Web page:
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Advances in Type 2 Diabetes—What's Ahead?

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Adult-onset diabetes (Type 2) is the health risk constantly in the news, but our awareness doesn't seem to be helping much. 

American Diabetes Assn predicted there would be a 165% growth in the number of people with diabetes from 2000 to 2050. We're on track to prove that prediction correct. Even more worrisome, it is estimated that 90% of the people who are pre-diabetic right now don't know it.

The hot question in the medical field right now is whether Type 2 diabetes can be cured.

Most doctors say, no. That includes mainstream opinion from WebMD to the American Diabetes Association.  

But other equally respected sources say there's hope and a cure may be possible.

The Lancet, published in England, is the most respected medical journal in the world. In December 2017, Lancet published results of the DiRECT study on 306 people in Scotland and England with Type 2 diabetes. The news was good.

All the patients in the study had been diagnosed with Type 2 diabetes within the past six years. All of them had a body mass index of 27 (decidedly overweight) or higher. The team put half the recruits on a strict diet and took them off all their oral anti-diabetic and anti-hypertension medicines at the outset. That was a precaution because sudden calorie restriction can send blood pressure down too rapidly. If needed, the blood pressure drugs were reintroduced... but they usually were not needed!

Scientists are shy about making bold statements. At least until an idea has been proved many times over. That's what makes the DiRECT conclusion so unusual and so promising. To quote:

“Our findings confirm that type 2 diabetes of up to 6 years' duration is not necessarily a permanent, lifelong condition. Weight loss sufficient to achieve remission can be attained in many individuals by use of an evidence-based structured weight management programme delivered in a non-specialty community setting by routine primary care staff”.... almost half had remission of diabetes, off diabetic medicine.

In short, losing enough weight can put type 2 diabetes into remission. Caught early enough, that could amount to a cure.

To make the proof even more convincing, the DiRECT results were highly consistent from person to person. There was a clear, systematic relationship between how much weight patients lost and how well they did. For patients who met the goal of losing 15 kg (33 pounds), 86% saw their diabetes go into remission. Not one of the patients in the study who gained weight saw their diabetes improve.

That makes losing weight the first thing you should consider if you are pre-diabetic or have type 2 diabetes already.  It also has the beauty of being one of the safest things you could try. But coordinate with your doctor before and during your mission to be sure your medications are correct and all is well.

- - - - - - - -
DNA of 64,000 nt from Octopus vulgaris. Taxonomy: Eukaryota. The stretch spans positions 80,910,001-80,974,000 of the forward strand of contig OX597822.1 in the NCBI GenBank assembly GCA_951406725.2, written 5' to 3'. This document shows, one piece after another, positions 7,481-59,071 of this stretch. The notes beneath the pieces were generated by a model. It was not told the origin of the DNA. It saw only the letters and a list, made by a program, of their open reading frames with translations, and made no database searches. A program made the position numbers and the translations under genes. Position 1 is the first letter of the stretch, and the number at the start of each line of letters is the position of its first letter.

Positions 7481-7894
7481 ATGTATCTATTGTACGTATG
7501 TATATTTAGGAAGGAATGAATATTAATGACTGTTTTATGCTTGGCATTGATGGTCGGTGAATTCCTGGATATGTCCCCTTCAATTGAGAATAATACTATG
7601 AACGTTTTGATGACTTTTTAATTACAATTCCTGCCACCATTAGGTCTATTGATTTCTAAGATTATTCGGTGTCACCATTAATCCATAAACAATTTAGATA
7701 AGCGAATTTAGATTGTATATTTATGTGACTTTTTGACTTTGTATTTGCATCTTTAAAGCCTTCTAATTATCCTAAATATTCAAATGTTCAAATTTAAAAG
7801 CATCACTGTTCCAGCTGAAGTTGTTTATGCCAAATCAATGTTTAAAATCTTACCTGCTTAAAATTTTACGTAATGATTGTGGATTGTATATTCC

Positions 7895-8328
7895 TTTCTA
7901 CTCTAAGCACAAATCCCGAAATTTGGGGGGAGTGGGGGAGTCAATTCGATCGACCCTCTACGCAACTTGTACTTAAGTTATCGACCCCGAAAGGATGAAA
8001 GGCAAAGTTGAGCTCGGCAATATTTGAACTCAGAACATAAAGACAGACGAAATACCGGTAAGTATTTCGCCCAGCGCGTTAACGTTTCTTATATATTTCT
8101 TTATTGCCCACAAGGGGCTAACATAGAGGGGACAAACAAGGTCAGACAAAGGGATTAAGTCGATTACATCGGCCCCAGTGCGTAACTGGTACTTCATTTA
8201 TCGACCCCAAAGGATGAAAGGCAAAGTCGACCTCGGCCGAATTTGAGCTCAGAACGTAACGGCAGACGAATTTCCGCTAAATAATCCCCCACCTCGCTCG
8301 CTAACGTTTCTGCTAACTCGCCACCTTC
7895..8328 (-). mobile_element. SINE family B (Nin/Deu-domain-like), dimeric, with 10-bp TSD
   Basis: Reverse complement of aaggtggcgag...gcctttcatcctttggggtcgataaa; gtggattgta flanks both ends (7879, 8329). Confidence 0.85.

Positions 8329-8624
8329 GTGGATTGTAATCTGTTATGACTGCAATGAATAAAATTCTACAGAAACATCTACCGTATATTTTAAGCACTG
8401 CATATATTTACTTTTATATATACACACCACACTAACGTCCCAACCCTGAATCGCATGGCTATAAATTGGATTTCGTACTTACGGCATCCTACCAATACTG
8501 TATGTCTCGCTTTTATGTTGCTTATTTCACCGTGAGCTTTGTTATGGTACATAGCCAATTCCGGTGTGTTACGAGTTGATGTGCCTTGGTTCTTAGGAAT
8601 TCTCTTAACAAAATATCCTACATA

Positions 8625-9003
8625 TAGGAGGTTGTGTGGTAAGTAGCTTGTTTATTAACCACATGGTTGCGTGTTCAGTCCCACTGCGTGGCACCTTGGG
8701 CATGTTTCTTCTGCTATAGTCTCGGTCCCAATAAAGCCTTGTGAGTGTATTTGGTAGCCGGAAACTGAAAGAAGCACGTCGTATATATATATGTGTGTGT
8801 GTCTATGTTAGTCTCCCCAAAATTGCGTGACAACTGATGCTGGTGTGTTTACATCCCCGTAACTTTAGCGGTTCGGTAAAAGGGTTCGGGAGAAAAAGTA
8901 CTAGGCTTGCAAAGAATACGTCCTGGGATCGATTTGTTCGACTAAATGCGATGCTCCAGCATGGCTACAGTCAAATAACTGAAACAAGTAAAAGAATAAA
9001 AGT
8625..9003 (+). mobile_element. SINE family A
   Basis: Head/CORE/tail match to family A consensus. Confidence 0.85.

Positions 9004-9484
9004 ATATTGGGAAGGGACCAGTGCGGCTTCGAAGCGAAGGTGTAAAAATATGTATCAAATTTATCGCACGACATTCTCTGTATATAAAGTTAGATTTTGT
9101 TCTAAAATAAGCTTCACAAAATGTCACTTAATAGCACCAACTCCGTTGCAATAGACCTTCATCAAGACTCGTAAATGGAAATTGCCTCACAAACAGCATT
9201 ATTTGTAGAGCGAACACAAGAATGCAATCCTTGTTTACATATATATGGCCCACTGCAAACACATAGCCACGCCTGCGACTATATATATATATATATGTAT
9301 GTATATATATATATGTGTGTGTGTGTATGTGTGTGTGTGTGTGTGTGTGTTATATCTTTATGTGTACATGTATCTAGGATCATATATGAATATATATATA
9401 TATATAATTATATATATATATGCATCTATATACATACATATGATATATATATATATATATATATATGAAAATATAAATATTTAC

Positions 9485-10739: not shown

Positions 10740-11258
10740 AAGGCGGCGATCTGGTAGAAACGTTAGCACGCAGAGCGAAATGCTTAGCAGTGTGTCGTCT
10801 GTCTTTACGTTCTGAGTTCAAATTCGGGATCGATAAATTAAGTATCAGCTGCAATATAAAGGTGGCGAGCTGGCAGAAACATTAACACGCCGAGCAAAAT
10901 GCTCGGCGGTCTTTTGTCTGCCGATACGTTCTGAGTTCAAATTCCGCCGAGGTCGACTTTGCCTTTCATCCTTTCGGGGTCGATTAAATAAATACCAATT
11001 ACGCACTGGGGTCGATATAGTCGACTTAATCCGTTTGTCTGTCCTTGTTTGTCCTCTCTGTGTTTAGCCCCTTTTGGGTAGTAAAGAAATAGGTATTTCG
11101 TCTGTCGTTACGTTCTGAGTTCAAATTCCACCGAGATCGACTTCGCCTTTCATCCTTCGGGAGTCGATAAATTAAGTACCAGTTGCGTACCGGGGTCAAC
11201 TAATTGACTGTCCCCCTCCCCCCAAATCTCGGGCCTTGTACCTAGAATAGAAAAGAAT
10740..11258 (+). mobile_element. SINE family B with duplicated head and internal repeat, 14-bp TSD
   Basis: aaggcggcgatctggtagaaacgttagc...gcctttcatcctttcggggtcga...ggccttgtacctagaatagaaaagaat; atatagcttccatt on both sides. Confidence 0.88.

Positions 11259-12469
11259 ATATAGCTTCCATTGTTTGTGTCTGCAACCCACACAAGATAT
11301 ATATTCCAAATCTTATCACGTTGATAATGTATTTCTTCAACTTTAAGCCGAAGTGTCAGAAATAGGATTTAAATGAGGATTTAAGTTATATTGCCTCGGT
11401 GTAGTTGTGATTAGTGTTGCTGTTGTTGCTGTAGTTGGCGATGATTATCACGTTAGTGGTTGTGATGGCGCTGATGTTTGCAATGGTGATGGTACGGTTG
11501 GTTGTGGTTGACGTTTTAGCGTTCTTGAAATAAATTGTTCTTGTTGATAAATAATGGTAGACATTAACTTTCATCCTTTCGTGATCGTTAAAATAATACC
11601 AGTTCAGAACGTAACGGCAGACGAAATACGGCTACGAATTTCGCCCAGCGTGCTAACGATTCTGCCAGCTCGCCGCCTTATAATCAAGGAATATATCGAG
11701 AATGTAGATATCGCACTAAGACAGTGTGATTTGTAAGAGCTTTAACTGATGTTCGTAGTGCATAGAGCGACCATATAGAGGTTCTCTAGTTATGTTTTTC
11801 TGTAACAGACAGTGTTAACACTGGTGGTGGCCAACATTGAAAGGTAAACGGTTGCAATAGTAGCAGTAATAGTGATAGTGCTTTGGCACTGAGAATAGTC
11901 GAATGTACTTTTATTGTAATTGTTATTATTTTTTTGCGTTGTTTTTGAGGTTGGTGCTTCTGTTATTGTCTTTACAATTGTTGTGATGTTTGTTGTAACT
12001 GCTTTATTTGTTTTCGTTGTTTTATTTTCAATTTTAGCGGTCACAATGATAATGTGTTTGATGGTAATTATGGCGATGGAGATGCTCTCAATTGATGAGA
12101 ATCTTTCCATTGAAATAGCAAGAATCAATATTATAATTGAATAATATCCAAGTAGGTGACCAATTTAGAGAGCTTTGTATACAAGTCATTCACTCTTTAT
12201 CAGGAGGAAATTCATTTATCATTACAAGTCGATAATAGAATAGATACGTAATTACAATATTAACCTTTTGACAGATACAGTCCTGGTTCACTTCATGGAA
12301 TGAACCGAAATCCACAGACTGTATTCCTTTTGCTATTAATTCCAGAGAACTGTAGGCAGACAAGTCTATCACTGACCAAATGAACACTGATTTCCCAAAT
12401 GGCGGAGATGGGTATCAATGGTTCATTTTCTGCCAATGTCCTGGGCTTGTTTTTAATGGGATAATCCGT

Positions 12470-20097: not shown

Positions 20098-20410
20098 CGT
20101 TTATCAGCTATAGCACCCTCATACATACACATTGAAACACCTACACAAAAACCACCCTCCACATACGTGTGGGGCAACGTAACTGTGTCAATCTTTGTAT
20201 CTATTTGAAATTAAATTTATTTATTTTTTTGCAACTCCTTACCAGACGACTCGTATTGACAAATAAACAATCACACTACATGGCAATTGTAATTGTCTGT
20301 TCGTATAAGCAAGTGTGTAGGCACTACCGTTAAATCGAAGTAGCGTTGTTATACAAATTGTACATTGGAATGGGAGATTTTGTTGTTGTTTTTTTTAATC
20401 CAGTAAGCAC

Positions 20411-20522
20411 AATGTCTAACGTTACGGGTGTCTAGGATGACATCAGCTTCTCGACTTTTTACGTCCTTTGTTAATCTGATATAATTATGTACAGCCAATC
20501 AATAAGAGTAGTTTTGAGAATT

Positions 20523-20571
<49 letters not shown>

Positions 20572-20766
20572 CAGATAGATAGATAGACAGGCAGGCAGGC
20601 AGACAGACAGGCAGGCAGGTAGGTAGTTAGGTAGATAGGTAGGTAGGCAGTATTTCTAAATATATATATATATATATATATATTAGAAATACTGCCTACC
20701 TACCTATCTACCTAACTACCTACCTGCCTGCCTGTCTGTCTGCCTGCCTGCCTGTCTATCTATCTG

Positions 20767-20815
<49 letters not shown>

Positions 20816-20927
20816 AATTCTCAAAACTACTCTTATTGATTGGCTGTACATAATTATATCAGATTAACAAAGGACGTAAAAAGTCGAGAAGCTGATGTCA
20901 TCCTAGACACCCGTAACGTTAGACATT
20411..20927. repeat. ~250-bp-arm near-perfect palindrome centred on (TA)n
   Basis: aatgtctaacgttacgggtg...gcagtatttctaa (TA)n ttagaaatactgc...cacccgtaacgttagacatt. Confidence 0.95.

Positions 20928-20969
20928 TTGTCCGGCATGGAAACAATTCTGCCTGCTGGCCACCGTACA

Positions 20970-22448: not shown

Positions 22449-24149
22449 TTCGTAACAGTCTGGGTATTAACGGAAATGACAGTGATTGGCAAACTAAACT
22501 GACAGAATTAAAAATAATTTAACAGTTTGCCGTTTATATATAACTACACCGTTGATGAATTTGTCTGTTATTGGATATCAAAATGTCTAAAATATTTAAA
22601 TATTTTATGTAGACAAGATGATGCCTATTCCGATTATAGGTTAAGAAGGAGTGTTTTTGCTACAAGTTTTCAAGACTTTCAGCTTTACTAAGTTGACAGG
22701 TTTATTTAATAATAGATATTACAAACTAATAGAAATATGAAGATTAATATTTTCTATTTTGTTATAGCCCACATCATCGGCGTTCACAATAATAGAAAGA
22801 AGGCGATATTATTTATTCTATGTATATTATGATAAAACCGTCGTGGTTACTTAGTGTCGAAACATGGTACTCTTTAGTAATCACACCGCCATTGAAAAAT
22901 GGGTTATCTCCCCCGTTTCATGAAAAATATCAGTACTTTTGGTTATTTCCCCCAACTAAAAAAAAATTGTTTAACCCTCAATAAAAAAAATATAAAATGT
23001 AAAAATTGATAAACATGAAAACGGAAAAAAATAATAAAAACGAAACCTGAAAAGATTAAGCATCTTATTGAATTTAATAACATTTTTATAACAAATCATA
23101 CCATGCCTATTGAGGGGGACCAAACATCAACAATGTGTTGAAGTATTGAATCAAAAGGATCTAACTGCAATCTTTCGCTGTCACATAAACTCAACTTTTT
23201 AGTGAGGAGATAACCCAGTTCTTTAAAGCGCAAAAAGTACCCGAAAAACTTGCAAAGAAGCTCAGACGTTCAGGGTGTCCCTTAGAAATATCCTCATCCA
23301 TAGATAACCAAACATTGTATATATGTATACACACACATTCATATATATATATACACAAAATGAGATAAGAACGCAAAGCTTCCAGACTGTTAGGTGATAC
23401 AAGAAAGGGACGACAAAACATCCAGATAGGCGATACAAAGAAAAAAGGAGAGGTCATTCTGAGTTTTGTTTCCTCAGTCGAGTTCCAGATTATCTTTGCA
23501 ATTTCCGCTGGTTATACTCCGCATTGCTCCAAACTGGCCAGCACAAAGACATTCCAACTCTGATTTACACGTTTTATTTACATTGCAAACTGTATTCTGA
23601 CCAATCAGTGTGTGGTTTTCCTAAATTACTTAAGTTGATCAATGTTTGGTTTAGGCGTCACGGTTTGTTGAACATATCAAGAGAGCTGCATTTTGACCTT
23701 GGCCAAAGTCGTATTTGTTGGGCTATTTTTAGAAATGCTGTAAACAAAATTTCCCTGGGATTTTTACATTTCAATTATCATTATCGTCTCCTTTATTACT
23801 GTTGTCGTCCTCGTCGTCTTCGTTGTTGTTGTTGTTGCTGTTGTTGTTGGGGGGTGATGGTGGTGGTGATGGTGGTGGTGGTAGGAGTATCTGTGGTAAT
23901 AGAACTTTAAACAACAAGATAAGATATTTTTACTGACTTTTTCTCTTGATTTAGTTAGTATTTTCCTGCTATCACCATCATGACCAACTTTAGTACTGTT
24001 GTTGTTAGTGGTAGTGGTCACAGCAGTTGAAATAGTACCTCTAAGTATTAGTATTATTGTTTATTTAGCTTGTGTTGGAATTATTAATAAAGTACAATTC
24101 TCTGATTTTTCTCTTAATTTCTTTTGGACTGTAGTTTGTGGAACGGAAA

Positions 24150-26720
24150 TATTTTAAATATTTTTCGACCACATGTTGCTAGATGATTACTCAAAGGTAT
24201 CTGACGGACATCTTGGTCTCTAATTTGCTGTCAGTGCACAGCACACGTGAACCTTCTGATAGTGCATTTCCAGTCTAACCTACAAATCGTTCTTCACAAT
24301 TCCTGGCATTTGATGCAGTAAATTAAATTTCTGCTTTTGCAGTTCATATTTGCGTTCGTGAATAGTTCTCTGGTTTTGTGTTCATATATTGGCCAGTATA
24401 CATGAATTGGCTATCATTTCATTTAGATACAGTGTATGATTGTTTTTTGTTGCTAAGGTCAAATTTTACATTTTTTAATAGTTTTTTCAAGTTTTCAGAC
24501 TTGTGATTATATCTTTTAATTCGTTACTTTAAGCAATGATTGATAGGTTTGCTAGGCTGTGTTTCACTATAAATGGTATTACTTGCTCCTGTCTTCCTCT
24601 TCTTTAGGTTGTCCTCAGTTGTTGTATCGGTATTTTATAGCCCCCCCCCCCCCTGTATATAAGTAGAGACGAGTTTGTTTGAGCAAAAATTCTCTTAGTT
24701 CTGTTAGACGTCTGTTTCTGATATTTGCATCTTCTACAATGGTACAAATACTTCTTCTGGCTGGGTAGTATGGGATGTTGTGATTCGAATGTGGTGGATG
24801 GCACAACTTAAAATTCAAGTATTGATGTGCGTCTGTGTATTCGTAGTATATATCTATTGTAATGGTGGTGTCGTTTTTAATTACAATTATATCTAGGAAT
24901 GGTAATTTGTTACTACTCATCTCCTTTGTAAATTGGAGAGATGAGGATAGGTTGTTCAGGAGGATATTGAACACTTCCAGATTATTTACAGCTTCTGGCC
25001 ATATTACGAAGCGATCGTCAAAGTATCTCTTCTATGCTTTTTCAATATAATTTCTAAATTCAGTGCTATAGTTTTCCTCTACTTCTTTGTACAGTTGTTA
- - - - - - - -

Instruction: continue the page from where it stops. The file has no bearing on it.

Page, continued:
The DiRECT finding is consistent with more drastic means of weight loss, such as bariatric surgery, that has helped some patients manage their diabetes.

Cleveland Clinic is doing substantial work in that area. It has said that for some patients with more recent and milder symptoms, gastric bypass surgery has even led to “complete resolution of diabetes mellitus.” Overall, in a study on 80,000 patients who had a gastric bypass, 84% “experienced a complete reversal of their type 2 diabetes.”

There's also the possibility of zapping diabetes into submission.

GE and DARPA (Defense Advanced Research Project Agency) are now conducting a $2.9 million study on neuromodulation for type 2 diabetes. Essentially the idea is that electrical stimulation of the right nerves might accomplish the same things as drugs—without the side effects and with much greater precision. Neuromodulation is often used for pain management, so this treatment is an expansion on a practice with considerable success behind it.

A fourth avenue that might pay off is stem cell therapy. This is still in very early exploration. So far, studies using stem cells haven't been helpful for type 2 diabetes, but there are hints that experiments using pancreatic stem cells to treat type 1 diabetes may work. And if that approach works, it may help type 2 patients as well. 

Meanwhile, if you are diabetic or pre-diabetic, the information we have today says that diet is your first line of defense. And the sooner you shed pounds the better.

Second, if you are thinking about bariatric surgery, you should know that it is no longer a rare or extreme measure, and it has been extremely successful. Bariatric surgery is now considered to be safer than gall-bladder removal or a hip replacement. The risks are certainly lower than living with active diabetes. Type 2 diabetics who have a gastric bypass may get positive results within hours to days after surgery, including ditching insulin.

Until DARPA can zap you into good health our options are limited, but they're good.


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